You've heard about what a great restaurant city Portland is, and you've heard right. The place is a gastronome's paradise. But you can't even everywhere, even in a week of trying. So here are ten places you absolutely can't miss.
Vitaly Paley, one of the godfathers of the Portland restaurant scene, continues to quick away, quietly and masterfully, in this understated but refined restaurant, a favorite for birthdays and anniversaries.
Abandon any notions about west coast pizza before entering this world-class pizzeria, which serves thin, classical NYC / New Haven style pizza of a quality even better than any but a handful of its models. Also abandon any notion of getting it fast.
Andy Ricker's tribute to the flavors of Thailand has utterly transcended its ethnic niche and even its city, making a national name for itself with its spicy but complex foods -- especially its legendary chicken wings.
Portland's finest pasta is probably served at this large, airy, and causal restaurant, which is powered by a hot oven and some serious sourcing. I love the big steak, and there are some great other dishes, but really, you need to have the pastas here, particularly the handmade ones.
Gabriel Rucker's meaty bistro may not produce the lightest food in the world but it's hard to think of anywhere that does this kind of rustic, robust food so artfully and seemingly effortlessly. The guy is just a superstar, and deserved his Beard award.
Adam and Jackie Sappington's brilliant restaurant looks like just another Americana / lardcore joint, but make no mistake: this is nose-to-tail cooking at its most sophisticated. That said, you can't, CAN'T, miss the fried chicken.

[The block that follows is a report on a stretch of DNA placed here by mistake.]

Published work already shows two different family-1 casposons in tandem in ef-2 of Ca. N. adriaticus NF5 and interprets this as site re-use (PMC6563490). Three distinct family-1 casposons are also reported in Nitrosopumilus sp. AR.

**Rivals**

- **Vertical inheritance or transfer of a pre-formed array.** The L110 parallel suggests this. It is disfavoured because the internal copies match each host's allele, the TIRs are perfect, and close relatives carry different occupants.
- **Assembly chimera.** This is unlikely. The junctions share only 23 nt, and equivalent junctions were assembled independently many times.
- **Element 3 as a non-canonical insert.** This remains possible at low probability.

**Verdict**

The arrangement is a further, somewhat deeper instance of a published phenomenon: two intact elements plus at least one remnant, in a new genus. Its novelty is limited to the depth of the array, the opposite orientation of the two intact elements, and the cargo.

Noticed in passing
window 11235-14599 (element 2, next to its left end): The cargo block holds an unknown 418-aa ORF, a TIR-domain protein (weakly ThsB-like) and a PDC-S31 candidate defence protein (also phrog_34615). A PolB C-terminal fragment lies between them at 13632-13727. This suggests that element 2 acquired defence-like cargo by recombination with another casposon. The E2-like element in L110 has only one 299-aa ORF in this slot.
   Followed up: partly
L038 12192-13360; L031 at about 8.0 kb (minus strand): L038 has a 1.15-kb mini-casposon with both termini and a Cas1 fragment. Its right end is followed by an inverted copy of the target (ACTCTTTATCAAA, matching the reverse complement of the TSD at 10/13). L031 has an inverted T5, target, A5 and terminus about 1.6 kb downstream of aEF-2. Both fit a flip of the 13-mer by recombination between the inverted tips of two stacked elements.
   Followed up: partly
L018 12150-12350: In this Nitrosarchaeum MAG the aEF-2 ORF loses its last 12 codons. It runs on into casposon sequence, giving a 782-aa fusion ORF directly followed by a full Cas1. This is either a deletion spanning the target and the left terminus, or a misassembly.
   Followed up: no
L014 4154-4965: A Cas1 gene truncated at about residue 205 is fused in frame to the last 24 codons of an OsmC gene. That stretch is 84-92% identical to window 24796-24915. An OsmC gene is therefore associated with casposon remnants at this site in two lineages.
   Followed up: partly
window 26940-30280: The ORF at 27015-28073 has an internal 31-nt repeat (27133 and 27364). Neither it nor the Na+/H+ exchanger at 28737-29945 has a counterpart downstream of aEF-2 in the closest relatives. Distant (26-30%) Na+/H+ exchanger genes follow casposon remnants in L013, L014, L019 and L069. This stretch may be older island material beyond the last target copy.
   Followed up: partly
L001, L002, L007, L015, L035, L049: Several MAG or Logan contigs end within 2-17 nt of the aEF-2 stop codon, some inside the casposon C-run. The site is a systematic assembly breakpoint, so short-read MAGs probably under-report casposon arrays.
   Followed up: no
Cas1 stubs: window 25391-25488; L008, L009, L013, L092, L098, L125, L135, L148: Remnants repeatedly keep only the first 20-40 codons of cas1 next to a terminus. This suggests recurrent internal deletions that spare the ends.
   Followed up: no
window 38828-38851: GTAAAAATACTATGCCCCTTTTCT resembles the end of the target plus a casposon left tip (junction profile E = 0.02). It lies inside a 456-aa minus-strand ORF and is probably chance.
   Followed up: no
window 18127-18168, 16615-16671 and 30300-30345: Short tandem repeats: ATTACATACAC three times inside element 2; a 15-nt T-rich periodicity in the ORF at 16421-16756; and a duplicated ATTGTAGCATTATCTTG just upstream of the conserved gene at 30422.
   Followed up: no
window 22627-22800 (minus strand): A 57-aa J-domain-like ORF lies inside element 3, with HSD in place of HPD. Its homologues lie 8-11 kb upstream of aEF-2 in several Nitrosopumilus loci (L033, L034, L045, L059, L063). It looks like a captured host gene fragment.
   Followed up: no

Naomi Pomeroy's intimate meatery is an original, a one-of-a-kind meattastic girl-powered rhapsody in meat. The Pride of Portland.
Everyone is crazy about this do-everything bistro, which somehow manages to serve fantastic seafood, the kind of hardcore meat dishes you would expect from the PDX, and a cocktail program that just won't quit.
If there is a more sure-handed grilling restaurant anywhere, with a more masterful hand at both meat and vegetables, I'm sure I don't know about it. Bring your appetite, and don't miss out on the lamb. Chef Greg Denton is a true master.
One of the country's foremost charcuterie producers, Olympic has the added benefit of an awesome lunch counter where you can stop in for a glass of beer, some sausage, and a "meattata."
Bunk poses a serious question: are these the country's greatest sandwiches? In their power, portliness, richness, diversity, and the genius with which various hot meats are paired with different fresh breads, I honestly can't say. This or that po-boy or cheesesteak may compete; but Bunk beats them all for sheer virtuosity.